Judge then, young Gentlemen, into what depths of degradation the race of young ministers to which you are to belong must sink, if you not only remain deaf to the voice of conscience, to the admonitions of history, and to the strivings of GOD’S Spirit, but also to the voice of your age and of your country, which is calling you to high and noble things in your ministry. To go forth from this most highly-honored seat of sacred learning in our Church, with low attainment and without studious habits””to enter upon your ministry in this energetic and driving age, without zeal and perseverance””and to place yourselves upon the great missionary field which our Church presents from the Atlantic to the Mississippi, without being animated by the missionary spirit””how certain the fall, how deep the dishonor, how terrible the curse, to which you must inevitably be reduced!
The fathers, the clergy, the friends of the Church, look with increased anxiety and greater hope to each successive class graduating from our theological seminaries. They have a right to expect better scholarship, as the ability of teachers, the number of books, and the aids to study are daily increasing. And surely, as the wants of the Church are better known, and the extent of the missionary field, both at home and abroad, is better understood, they have a right to anticipate a great increase of missionary zeal. A young clergyman, some twenty years ago, might have made many a reasonable excuse for his lack of that holy, self-sacrificing zeal, a want of which would now be utterly inexcusable. What! shall young men just commissioned to the holy office, be deaf to the calls of their country, of the Church, and of her Divine Head, to make full proof of their ministry, and sink down into criminal listlessness, or addict themselves to unworthy worldly pursuits? What! when the cry of souls ready to perish is borne on every wind, from the east and from the west, from the north and from the south, shall they take counsel of their love of ease, their taste for human literature, or of their worldly-minded friends, and refuse to go to any part of the missionary field to which GOD shall call them?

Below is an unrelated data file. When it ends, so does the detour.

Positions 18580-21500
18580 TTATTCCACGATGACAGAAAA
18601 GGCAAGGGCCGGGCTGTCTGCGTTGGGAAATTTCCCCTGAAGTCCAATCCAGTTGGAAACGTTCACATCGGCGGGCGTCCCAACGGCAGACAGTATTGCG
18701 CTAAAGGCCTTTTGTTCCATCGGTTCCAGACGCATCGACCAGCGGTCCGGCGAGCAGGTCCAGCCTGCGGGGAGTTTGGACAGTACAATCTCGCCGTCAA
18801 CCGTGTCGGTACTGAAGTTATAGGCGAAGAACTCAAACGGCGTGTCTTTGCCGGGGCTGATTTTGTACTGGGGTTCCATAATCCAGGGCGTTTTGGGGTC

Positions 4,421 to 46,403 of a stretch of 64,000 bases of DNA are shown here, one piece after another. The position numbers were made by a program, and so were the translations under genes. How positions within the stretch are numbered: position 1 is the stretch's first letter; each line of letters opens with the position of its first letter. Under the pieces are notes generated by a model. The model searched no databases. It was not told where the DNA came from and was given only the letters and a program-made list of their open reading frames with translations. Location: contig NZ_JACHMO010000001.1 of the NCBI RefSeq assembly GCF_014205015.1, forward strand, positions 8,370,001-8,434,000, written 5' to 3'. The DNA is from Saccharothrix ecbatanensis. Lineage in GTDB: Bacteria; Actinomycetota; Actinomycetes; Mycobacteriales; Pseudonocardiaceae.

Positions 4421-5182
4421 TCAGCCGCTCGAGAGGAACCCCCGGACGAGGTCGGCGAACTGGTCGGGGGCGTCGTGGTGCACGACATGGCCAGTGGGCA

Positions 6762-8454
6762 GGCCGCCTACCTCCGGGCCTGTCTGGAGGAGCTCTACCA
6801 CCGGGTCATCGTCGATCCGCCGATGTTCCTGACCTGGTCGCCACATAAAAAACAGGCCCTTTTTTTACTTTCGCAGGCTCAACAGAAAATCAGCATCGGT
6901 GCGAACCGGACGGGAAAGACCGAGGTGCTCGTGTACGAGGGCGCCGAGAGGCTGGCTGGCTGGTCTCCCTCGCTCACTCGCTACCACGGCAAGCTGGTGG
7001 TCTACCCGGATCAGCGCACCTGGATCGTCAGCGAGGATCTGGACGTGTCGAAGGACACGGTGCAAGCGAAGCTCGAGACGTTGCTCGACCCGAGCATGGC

Remember, young Gentlemen, that the great Head of the Church has placed you under influences more favorable for the formation of a high ministerial character, than with others has been the case perhaps for ages. You may, if you will, unite in yourselves more learning, more pious active zeal, more of a spirit of humility and prayer, than any of your predecessors, it may be, since the Apostles’ own times. What you may become, the Church, the world, the Saviour of man-kind, [14/15] all expect that you will become. And yet this kind goeth not forth but by prayer and fasting. You cannot even succeed well in your studies without prayer. Much less can you grow in humility, and in a spirit of benevolence and self-sacrifice without much and fervent prayer.
Read it all from the Bishop of Kentucky, Benjamin Bosworth Smith.